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Tiffany Chang conductor 


Here are some of my favorite posts:

What's your mission? - I examined mission statements from 71 U.S. orchestras

Empathy in relationships - we know empathy is hard, and we should also know what it is not

Why don't we talk about it? - how organizations may encourage performers to be advocates

Note: New and existing posts will be hosted at

Below you'll only find archived posts from before June 24, 2021.


What's your mission?

Posted by Tiffany Chang on 8 April, 2021 at 9:30

On a whim, I decided to explore the mission statements of orchestras across the country in all 50 states. I was curious what they are, whether there are any similarities, and whether examining them would reveal any insights. I didn't really know what I was looking for, and it seemed like a fun activity for midnight on a Saturday.


So I looked at every state and a total of 71 orchestras in March 2021 (by no means a comprehensive list). Here are some interesting statistics:


First, these are common words that we associate with orchestral organizations. After each word, you'll see how many mission statements they appeared in.


      • Enrich - 27
      • Inspire - 25
      • Education - 18
      • Educate - 16
      • Entertain - 12
      • Engage - 12
      • Lives - 11
      • Cultural - 8
      • Culture - 2
      • Transform - 3
      • Fiscal - 3
      • Change - 2


Second, orchestras are cultural icons of their locations, so I wanted to see how many of their cities, regions, and states actually made it into mission statements. Here are the number of missions that mentioned:


      • their state - 8
      • their region - 12
      • their city - 3
        • Wichita Symphony
        • Greensboro Symphony Orchestra
        • Louisiana Philharmonic Orchestra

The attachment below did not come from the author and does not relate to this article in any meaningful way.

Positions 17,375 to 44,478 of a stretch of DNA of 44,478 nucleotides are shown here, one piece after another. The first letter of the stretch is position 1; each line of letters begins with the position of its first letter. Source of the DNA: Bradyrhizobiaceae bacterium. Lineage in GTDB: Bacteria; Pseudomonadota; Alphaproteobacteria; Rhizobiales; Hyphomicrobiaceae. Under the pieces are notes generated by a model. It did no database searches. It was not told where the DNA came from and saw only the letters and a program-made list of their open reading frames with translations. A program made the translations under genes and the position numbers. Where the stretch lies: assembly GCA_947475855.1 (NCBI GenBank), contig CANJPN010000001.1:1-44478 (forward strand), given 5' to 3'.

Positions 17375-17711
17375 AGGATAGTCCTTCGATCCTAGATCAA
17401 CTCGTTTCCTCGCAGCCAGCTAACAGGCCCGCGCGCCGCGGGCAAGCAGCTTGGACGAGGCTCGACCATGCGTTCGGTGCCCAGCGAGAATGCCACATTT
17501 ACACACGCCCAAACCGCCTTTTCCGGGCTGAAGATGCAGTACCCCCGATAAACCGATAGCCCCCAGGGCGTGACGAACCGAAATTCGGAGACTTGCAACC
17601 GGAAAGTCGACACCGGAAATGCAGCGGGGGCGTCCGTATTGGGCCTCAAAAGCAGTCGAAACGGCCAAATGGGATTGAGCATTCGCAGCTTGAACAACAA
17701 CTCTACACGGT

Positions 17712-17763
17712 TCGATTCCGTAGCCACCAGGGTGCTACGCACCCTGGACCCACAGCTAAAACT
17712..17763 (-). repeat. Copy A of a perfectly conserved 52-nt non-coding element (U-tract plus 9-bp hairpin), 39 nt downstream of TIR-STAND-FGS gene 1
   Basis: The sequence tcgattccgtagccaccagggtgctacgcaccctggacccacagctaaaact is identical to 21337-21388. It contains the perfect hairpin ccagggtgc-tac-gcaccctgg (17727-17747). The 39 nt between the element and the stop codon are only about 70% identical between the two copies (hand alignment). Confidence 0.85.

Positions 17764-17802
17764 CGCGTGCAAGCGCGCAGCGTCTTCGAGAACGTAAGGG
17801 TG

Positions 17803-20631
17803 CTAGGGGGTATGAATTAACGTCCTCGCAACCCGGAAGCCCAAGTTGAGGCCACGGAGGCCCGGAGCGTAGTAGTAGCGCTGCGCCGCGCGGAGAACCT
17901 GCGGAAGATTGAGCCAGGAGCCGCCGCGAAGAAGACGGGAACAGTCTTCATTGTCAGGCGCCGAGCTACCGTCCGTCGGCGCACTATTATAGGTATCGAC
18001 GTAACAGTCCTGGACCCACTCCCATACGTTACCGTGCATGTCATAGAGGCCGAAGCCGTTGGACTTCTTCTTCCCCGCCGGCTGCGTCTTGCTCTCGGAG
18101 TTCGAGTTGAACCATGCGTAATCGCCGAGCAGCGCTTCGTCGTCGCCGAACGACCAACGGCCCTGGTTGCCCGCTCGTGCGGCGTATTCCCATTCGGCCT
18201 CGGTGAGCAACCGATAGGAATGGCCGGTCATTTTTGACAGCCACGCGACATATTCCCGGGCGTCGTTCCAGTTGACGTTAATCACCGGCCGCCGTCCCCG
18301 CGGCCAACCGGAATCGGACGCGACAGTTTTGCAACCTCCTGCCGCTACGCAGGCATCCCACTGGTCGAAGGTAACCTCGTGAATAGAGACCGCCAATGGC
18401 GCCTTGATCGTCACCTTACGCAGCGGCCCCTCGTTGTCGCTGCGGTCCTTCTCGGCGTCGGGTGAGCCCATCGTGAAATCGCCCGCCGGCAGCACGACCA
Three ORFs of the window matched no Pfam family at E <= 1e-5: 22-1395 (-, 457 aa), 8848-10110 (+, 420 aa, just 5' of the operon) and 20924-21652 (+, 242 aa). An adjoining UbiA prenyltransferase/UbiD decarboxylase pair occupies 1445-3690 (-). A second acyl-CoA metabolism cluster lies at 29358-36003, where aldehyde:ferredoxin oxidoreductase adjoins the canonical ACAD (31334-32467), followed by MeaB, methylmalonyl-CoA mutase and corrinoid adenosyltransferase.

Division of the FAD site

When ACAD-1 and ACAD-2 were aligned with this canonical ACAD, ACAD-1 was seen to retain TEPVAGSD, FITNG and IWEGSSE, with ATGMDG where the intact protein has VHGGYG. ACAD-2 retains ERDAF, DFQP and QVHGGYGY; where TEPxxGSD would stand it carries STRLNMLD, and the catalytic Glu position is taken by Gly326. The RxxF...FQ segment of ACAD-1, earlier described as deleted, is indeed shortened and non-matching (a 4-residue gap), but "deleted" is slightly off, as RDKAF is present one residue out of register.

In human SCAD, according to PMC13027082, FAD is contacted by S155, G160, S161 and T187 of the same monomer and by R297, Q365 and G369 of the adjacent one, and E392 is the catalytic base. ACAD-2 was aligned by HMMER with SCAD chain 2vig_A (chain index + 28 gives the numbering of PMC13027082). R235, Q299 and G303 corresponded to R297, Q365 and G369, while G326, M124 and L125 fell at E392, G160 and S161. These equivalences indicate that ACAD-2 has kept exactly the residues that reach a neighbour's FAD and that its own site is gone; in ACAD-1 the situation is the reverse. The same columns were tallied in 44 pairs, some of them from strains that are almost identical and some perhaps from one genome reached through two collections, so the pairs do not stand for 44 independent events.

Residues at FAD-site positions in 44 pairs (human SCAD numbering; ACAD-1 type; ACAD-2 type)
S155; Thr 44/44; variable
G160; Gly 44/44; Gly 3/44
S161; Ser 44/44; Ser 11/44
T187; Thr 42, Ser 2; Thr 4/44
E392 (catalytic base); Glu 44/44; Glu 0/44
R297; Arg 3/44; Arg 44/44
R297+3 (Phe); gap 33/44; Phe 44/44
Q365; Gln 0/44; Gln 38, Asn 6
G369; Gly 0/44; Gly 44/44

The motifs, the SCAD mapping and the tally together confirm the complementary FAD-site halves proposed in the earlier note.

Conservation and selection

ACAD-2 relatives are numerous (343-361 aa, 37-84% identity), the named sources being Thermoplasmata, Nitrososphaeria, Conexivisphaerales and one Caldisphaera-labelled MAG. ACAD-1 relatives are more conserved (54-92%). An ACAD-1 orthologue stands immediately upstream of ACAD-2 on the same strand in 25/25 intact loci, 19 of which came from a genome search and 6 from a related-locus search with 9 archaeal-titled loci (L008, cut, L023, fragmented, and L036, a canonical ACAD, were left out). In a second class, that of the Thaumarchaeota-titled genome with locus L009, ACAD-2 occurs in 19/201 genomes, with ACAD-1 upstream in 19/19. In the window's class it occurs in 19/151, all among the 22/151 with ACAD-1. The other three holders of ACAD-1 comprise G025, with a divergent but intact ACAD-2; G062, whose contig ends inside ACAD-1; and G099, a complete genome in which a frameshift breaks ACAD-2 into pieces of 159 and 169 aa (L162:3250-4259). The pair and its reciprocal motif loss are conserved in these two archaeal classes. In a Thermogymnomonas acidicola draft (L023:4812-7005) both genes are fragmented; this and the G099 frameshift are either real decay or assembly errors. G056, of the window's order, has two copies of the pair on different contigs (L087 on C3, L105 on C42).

• "national" - 2
        • Chicago Symphony Orchestra
        • Hawaii Symphony Orchestra
      • "country" - 1 (National Symphony Orchestra)
      • "international" - 4
        • Chicago Symphony Orchestra
        • Hawaii Symphony Orchestra
        • Minnesota Orchestra
        • New York Philharmonic
      • "world" - 1 (National Symphony Orchestra)


Now, we can each make our own interesting conclusions based on this set of information. (One that surprised me is actually how few orchestras identify their hometown as a reason for being.) And I'm sure there are other sets of data that could be extracted to be examined. However, this kind of analysis is not what I want to write about in this post.



What I found the most interesting is that many mission statements are interchangeable. Here's what I saw:


"The mission of (insert orchestra here) is to enrich, educate, and inspire our community through excellent orchestral music."


31 orchestras basically have this same language. They may add additional text that specifies the region they want to target and how they achieve this (live concerts, educational programs, etc), but you could swap the orchestra and region and it would work.


Generic mission statements may be best practice and absolutely legitimate, but they often don't elicit visceral reactions and involuntary goosebumps. They say "inspire", but you don't feel inspired. You don't respond enthusiastically with "hey, that's totally for me!"


The unique mission statements really stood out. Here are the ones that struck me: 


The San Diego Symphony, through unquestionable commitment to the highest levels of artistic achievement, seeks to elevate human potential by providing a shared sense of pride and belonging to something bigger than any of us can achieve alone.
Colorado Symphony: Creating extraordinary musical experiences that transport today's listener, from the best of the past to the edge of the future
The Chicago Sinfonietta champions diversity, equity, and inclusion by creating community through bold symphonic experiences.
The Seattle Symphony unleashes the power of music, brings people together and lifts the human spirit.
The mission of The Phoenix Symphony is to provide the joy of music as a catalyst in helping Arizona to become the best place in America to work and live.
Grand Rapids Symphony: Our mission is to share great music that moves the human soul. 


Here are a couple standout phrases:


Boston Symphony Orchestra: "...dedicated to the making of music consonant with the highest aspirations of the musical art..."
Madison Symphony Orchestra, Inc.: " advocate music as a universal language of expression and understanding."